The first head shop emerged in the late 1960s when marijuana use was on the rise, and when the emergence of psychedelic music and drugs also brought to the fore an aesthetic that would become synonymous with cannabis culture – with tie dye prints, black lighting, and subversive animation by the likes of Robert Crumb and National Lampoon magazine. “Tripping out” was no longer just something to do, it was a lifestyle, and this lifestyle grew into a lasting movement bent on free thinking and social change.
This was the age of the hippie, and shops became hot spots for a rising counterculture that was centered largely on music and drug use, but beneath that was a new spirit to challenge the conventional wisdom handed down from their parents. The over-the-top anti marijuana propaganda they had been raised on was already being considered laughable, so experimenting with weed was a natural inclination for those getting used to questioning authority.
While this inclination to question authority was something that was blossoming all over the country, most cities and small towns were basically able to tamp such movements down, or at least relegate them to the underground. Puritanical laws and attitudes kept the existence of head shop mostly limited to a few coastal cities in the United States.
By all accounts, the first shop emerged from San Francisco’s legendary Haight-Ashbury neighborhood, a birthplace for hippie culture writ large. Not far behind, similar types of stores followed suit in likeminded neighborhoods, like New York’s East Village, in West Los Angeles, and throughout Chicago’s Old Town neighborhood. These shops became miniature meccas for various free-thinking stoners from other parts of the country.
Beyond being a place to buy grinders and one hit joints, many of these shops doubled as centers of political activism, mostly in opposition to the war in Vietnam and in support of the prevailing civil rights movement. In many cases these stores also became outlets for counterculture newspapers that weren’t welcome on traditional newsstands. It was an era that put a premium on free-thinking, and so weed became not just the drug of choice, but also a valuable piece of symbolism indicating a willingness to disrupt a system that their parents were less inclined to question.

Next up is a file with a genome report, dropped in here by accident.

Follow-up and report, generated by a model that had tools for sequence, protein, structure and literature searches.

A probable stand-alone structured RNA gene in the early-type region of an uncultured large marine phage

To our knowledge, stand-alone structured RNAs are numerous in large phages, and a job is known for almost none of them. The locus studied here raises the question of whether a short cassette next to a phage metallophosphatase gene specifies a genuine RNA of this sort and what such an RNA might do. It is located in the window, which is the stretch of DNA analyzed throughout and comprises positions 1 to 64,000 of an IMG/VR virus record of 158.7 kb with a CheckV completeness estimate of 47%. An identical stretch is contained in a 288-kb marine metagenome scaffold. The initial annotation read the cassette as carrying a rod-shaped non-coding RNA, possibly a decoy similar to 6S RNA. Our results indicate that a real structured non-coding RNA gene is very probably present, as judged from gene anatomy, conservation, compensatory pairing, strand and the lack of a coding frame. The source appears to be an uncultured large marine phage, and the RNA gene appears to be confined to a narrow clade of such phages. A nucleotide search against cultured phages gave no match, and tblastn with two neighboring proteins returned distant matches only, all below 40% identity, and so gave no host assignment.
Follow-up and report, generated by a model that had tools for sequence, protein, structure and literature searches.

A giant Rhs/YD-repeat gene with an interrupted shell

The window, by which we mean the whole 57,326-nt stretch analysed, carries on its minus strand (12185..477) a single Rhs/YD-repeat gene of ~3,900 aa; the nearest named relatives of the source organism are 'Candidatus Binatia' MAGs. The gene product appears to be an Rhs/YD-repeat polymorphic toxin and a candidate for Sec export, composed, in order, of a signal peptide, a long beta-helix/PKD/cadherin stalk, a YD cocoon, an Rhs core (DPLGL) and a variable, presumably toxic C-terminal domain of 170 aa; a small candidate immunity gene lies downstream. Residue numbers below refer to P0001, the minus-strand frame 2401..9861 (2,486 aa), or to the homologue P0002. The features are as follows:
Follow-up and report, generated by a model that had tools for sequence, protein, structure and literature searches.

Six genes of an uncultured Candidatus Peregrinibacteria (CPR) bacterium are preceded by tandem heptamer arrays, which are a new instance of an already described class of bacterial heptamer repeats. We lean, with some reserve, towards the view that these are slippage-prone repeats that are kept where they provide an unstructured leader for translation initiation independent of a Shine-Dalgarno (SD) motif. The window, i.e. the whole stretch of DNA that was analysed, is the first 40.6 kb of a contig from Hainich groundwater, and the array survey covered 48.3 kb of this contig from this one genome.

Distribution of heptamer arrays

Perhaps in part because of these activism leanings, shops fell under attack by the 1970s, when various “decency” laws were passed to outlaw anything to do with cannabis culture. Now local communities could determine what would be regarded as profane, and anything even tangentially related to drug culture was placed high on that list. These restrictions forced existing head shops to close their doors, which also eliminated the readership network for the counterculture newspapers and magazines that had few distribution options.
This restrictive opposition is only just beginning to erode with a generational shift of attitudes towards marijuana, alongside a continuing redefinition of what is considered obscene. This acceptance has lead ItsPrimo to become one of the fastest growing brick and mortar businesses, and a culture that is continuously evolving.